A leading cognitive scientist argues that a deep sense of good and evil is bred in the bone.
From John Locke to Sigmund Freud, philosophers and psychologists have long believed that we begin life as blank moral slates. Many of us take for granted that babies are born selfish and that it is the role of society—and especially parents—to transform them from little sociopaths into civilized beings. In Just Babies, Paul Bloom argues that humans are in fact hardwired with a sense of morality. Drawing on groundbreaking research at Yale, Bloom demonstrates that, even before they can speak or walk, babies judge the goodness and badness of others’ actions; feel empathy and compassion; act to soothe those in distress; and have a rudimentary sense of justice.
Still, this innate morality is limited, sometimes tragically. We are naturally hostile to strangers, prone to parochialism and bigotry. Bringing together insights from psychology, behavioral economics, evolutionary biology, and philosophy, Bloom explores how we have come to surpass these limitations. Along the way, he examines the morality of chimpanzees, violent psychopaths, religious extremists, and Ivy League professors, and explores our often puzzling moral feelings about sex, politics, religion, and race.
In his analysis of the morality of children and adults, Bloom rejects the fashionable view that our moral decisions are driven mainly by gut feelings and unconscious biases. Just as reason has driven our great scientific discoveries, he argues, it is reason and deliberation that makes possible our moral discoveries, such as the wrongness of slavery. Ultimately, it is through our imagination, our compassion, and our uniquely human capacity for rational thought that we can transcend the primitive sense of morality we were born with, becoming more than just babies.
Paul Bloom has a gift for bringing abstract ideas to life, moving seamlessly from Darwin, Herodotus, and Adam Smith to The Princess Bride, Hannibal Lecter, and Louis C.K. Vivid, witty, and intellectually probing, Just Babies offers a radical new perspective on our moral lives.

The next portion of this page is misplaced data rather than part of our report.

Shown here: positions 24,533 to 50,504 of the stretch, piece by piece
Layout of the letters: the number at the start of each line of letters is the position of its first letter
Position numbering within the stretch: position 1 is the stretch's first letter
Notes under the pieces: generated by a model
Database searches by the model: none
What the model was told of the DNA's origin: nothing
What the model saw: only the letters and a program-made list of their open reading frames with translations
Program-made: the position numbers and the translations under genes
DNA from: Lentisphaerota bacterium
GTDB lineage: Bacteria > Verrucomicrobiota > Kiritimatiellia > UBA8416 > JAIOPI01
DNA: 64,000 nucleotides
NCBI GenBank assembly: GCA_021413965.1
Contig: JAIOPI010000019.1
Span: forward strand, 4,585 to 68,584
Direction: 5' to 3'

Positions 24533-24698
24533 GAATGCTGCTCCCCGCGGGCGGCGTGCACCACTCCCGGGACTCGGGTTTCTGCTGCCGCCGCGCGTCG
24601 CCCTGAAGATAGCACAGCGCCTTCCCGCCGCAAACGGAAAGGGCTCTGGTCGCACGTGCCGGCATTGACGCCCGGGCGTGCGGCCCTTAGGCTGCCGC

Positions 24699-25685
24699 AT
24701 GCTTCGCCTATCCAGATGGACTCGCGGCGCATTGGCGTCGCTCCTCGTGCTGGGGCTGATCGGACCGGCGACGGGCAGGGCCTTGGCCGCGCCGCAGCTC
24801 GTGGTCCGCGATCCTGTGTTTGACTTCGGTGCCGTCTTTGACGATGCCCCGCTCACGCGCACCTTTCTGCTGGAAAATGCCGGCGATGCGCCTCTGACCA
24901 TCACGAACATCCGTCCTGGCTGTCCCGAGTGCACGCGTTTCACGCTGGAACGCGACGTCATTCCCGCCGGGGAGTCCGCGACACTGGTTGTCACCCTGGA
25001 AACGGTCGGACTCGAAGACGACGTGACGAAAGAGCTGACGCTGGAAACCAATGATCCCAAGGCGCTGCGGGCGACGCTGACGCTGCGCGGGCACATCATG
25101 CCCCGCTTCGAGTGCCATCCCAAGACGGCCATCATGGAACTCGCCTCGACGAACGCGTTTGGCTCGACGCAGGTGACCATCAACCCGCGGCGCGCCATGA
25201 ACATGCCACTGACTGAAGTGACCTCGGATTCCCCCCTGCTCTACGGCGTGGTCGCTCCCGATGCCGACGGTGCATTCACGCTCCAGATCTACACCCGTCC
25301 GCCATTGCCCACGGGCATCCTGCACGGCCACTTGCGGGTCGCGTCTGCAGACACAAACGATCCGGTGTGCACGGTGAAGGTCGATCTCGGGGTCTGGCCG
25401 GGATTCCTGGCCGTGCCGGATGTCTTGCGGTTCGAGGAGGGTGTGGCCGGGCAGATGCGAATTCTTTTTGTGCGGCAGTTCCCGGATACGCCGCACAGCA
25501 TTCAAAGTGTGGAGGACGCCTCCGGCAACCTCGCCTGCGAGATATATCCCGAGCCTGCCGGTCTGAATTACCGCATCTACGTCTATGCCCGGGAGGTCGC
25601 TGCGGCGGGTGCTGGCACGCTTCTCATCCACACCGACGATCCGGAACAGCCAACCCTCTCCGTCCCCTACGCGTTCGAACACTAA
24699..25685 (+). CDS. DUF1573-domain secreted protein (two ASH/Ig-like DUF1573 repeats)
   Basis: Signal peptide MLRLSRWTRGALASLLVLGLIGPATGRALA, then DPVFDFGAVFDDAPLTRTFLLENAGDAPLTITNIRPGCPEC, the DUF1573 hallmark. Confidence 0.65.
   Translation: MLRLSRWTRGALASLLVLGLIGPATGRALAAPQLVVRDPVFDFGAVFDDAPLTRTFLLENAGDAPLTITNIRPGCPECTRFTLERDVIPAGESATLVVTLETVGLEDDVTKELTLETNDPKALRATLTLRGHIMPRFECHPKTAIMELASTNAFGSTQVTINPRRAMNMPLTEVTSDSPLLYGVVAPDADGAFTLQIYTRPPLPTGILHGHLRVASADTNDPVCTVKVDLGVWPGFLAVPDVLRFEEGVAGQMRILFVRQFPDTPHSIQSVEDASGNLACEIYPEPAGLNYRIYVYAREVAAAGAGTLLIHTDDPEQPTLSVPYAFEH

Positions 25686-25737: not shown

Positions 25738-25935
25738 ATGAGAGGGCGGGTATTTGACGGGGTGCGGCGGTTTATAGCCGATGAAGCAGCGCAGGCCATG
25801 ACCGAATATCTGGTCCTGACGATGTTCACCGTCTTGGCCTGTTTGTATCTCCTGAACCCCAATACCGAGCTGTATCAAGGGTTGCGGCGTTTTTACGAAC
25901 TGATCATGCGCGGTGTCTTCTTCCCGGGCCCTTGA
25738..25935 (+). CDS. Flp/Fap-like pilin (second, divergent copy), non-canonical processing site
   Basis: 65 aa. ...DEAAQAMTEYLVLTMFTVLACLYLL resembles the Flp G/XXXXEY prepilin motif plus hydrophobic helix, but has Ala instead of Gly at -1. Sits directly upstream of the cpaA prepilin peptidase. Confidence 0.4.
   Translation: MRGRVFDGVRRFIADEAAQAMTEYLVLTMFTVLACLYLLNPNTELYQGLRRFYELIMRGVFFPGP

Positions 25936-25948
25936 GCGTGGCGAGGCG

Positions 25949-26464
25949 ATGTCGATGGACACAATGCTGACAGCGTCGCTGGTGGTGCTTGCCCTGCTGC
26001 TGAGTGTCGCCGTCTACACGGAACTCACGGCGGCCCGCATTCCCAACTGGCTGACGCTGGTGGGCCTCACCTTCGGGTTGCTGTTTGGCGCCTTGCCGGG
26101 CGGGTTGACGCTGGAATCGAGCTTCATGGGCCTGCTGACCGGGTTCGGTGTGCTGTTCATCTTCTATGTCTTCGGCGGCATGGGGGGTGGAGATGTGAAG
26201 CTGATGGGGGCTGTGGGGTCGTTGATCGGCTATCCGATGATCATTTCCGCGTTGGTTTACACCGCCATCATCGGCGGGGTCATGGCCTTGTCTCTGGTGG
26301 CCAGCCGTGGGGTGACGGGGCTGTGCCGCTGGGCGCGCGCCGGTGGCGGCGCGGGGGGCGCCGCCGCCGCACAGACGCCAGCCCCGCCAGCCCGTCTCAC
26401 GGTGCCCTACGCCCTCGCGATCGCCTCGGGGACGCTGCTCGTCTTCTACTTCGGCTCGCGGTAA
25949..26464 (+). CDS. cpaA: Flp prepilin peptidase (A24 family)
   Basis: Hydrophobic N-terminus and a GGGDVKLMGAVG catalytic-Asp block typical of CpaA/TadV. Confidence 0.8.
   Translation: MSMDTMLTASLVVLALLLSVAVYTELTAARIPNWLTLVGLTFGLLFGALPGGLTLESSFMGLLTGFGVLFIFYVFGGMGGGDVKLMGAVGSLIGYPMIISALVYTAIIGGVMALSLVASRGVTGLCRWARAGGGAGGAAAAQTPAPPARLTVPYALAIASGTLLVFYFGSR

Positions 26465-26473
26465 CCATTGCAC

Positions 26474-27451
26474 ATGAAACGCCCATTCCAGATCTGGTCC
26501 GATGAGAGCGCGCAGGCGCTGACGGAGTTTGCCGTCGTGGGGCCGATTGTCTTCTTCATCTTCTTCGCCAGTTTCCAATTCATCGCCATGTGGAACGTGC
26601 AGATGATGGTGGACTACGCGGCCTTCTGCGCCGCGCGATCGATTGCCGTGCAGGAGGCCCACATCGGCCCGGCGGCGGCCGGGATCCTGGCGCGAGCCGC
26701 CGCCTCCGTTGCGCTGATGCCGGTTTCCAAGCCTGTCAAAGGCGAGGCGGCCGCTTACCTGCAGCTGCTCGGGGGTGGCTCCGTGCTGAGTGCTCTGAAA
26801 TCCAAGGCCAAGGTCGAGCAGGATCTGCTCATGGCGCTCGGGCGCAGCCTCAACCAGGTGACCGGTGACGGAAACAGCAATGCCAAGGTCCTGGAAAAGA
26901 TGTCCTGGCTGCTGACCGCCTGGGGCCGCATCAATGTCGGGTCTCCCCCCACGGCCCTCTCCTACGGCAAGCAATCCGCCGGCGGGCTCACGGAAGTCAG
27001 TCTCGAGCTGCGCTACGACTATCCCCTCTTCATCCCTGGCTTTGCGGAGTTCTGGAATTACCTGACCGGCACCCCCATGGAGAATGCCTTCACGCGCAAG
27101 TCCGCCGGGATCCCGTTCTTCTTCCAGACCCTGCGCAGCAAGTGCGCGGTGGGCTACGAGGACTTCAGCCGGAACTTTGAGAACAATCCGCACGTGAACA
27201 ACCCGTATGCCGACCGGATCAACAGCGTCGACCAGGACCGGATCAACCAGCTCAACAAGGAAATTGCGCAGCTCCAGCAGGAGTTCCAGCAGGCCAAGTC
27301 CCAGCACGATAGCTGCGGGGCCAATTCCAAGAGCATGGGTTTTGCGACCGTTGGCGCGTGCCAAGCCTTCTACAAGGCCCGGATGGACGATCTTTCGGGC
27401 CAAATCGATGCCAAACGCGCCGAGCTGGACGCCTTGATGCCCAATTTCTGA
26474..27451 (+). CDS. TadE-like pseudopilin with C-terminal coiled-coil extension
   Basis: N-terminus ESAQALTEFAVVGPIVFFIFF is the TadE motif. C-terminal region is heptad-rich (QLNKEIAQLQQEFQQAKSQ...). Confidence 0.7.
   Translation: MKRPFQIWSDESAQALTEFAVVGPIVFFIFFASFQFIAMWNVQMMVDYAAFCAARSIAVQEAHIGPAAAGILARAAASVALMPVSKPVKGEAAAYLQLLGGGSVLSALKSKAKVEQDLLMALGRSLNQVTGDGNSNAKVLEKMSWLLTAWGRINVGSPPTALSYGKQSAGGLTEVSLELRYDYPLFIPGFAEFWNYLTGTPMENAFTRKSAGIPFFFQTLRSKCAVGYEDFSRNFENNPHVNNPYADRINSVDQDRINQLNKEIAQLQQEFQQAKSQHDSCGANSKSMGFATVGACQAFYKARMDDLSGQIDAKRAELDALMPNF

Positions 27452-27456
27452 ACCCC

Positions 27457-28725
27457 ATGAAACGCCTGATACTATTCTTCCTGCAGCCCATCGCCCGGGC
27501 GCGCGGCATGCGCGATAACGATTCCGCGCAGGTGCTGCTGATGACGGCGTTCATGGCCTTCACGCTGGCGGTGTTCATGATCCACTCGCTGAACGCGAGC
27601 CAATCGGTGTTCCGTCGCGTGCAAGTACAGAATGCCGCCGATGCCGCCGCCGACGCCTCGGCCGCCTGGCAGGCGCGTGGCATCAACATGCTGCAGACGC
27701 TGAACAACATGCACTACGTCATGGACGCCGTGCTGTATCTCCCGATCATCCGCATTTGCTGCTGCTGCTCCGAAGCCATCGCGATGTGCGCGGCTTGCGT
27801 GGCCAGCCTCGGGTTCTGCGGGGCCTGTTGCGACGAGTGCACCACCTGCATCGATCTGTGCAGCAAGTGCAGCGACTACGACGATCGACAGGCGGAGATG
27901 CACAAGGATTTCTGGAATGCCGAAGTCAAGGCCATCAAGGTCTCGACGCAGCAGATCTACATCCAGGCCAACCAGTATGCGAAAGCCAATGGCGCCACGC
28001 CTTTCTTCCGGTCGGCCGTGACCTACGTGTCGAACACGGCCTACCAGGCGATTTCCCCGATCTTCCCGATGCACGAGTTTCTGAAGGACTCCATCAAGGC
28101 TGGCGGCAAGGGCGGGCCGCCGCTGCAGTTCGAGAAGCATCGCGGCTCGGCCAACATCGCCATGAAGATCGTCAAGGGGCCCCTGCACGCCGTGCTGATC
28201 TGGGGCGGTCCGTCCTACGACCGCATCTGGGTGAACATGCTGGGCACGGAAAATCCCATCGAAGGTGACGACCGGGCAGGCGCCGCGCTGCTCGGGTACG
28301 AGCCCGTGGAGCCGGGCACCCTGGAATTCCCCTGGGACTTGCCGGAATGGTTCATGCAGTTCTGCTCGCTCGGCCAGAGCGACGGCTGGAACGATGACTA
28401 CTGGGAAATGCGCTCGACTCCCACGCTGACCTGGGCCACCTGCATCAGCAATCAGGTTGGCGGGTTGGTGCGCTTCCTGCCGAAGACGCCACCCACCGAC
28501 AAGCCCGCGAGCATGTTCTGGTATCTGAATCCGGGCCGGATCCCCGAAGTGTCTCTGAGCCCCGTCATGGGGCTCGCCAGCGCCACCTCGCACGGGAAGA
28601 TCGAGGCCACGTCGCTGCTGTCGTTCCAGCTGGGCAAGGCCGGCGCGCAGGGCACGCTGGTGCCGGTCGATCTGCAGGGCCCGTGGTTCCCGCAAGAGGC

With wit and passion, Yale psychology professor Bloom (How Pleasure Works) explores the nature of morality, drawing on current research in psychology, evolutionary biology, and philosophy while discussing which factors appear to be innate and which are culturally determined. Bloom's discussion of choices made by babies three-month-olds through two-year-olds and researchers' ability to assess those choices is fascinating and relies heavily on original research performed by him and his colleagues. He documents both good and bad news: "Babies are moral animals" who appear to have the ability to judge others' actions and to prefer both fairness and kindness; but they also are distressed by strangers and "prone toward parochialism and bigotry." His analysis spans the moral spectrum from empathy to disgust and demonstrates how labile and open to manipulation some of our emotions and opinions are. When asked about their political leanings, for example, college students who were approached near a hand sanitizer in a public hallway claimed to be more conservative than students questioned elsewhere in the hallway. Because the vast majority of the research conducted has been on individuals in Western societies, drawing robust conclusions is difficult. Nonetheless, Bloom convincingly establishes that the nature of morality is open to scientific investigation.